Amazon announced this week that it plans to open checkout-free convenience stores. Dubbed Amazon Go, the corner stores will not have registers, so shoppers will be able to scan into the store using the Amazon Go app, pick out items from the shelves and leave the store with the selected products automatically billed to the customer’s Amazon account. Computer vision throughout the store means any item picked up will be automatically added to the shopper’s virtual cart, without the need for individual scanning.
In its official launch video for Amazon Go, Amazon says that computer vision, deep learning algorithms and sensor fusion, the same technologies used to power self-driving cars, make what it calls “Just Walk Out” technology possible. It’s an effort that’s been in the making for four years, according to the video.
Currently, an 1,800-square-foot store in Seattle, stocked with both perishable groceries and pre-made snacks and meals, is open to Amazon employees for beta testing purposes. It will be open to the public next year.
Increasingly frictionless transactions have been a focus of Amazon’s for several years. AmazonFresh, a grocery delivery service, is available in multiple metropolitan areas in the U.S. Earlier this year, the e-commerce giant announced that it would use drones for deliveries in 2017 and also launched a series of pop-up retail shops. The Amazon Dash Button for instant purchasing of household items was introduced two years ago.
While retail stores have long been tracking customers for targeting, upselling and determining both purchasing trends and optimal store layouts, linking specific products to individuals is largely a new frontier, according to Brent Franson, CEO of Euclid Analytics.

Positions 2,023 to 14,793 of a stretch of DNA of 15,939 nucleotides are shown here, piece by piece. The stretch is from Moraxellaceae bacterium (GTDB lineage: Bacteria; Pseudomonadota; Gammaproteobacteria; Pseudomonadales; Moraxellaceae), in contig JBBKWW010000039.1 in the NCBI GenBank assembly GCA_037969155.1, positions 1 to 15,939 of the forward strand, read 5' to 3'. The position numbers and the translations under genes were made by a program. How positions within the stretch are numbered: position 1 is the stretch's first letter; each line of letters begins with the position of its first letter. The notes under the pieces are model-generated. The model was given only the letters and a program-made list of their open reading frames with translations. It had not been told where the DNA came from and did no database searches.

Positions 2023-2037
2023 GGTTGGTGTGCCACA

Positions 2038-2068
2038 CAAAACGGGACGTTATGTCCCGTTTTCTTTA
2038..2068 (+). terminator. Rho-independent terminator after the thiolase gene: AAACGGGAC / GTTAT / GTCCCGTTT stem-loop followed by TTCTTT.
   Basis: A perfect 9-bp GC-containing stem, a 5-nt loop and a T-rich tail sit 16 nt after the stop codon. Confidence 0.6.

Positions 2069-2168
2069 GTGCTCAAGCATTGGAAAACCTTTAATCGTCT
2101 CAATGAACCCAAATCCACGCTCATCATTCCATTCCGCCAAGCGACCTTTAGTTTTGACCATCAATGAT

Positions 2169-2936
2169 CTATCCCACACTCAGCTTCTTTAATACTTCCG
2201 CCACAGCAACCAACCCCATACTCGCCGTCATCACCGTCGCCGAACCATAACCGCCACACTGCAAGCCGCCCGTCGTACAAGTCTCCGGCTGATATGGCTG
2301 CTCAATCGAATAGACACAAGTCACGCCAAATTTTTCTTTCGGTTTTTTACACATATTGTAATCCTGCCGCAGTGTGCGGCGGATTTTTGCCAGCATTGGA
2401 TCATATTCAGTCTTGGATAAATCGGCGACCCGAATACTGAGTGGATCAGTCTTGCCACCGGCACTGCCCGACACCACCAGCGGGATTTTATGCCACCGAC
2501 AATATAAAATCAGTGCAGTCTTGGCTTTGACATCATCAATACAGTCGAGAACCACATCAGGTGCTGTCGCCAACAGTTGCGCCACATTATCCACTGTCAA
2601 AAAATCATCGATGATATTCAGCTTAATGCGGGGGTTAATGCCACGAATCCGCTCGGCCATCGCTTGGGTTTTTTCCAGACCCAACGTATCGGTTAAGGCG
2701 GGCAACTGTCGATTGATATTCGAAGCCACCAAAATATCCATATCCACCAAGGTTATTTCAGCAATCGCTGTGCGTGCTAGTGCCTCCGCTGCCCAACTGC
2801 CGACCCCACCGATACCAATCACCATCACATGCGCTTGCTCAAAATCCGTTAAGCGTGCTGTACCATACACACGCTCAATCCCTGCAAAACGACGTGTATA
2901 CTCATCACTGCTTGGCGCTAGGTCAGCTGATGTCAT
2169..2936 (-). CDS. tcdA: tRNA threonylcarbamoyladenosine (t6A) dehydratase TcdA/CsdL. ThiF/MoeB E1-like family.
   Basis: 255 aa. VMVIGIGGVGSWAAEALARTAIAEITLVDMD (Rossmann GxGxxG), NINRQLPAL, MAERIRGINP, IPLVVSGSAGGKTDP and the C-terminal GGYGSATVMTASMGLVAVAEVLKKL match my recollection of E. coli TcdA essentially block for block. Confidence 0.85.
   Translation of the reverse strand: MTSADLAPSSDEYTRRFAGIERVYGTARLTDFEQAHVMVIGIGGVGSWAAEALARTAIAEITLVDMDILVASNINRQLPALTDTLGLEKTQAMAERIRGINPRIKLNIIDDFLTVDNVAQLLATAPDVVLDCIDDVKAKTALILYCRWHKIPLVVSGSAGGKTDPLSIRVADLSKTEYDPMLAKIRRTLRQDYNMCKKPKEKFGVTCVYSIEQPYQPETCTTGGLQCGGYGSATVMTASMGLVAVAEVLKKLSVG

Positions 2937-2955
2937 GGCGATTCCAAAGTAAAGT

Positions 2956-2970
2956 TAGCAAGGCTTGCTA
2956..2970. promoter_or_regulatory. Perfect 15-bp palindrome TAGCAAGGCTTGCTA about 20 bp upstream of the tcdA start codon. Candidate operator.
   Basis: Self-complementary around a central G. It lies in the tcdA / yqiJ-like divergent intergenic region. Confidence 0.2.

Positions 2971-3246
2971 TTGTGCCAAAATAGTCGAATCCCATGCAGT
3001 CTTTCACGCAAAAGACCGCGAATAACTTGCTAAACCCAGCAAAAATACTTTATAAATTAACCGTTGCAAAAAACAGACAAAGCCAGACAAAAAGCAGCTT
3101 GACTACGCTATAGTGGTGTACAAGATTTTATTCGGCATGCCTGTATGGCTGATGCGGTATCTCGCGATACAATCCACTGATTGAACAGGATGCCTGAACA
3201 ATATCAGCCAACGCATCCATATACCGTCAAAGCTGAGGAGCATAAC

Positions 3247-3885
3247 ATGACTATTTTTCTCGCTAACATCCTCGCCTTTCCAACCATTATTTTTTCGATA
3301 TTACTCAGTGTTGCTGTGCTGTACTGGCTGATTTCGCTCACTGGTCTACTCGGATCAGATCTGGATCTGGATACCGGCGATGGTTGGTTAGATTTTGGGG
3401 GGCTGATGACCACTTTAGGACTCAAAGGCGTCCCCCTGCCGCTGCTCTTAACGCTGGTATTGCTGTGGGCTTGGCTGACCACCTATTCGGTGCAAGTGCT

“Solving the problem of attaching the products to the person as they leave the store is going to require something new – or something we’re not aware of today,” he told Wired this week. “Tying the two together at 100 percent accuracy, that’s a problem that’s hard to solve.” He added that if the technology is not completely correct, customers will be able to take items free of charge, or will be charged for something they didn’t want to purchase.
Other shopping complications to be addressed include items returned to the wrong shelf, pricing by weight and a consolidated shopping cart for multiple people shopping together, Arun Nair, CTO and co-founder of RetailNext, told Wired, who added that “the technology building blocks are there.”
At potential risk are the jobs of grocery store cashiers. According to the Bureau of Labor Statistics, there were 856,850 cashiers on groceries’ payrolls in May 2015, the most recent data available. “It’ll be a big job-killer,” Britt Beamer, president of America’s Research Group, a consumer-behavior research and consulting firm, told the New York Post this week. “It’ll eliminate the cashier, it’ll get rid of the baggers, it’ll eliminate the stock clerks. This could be big.”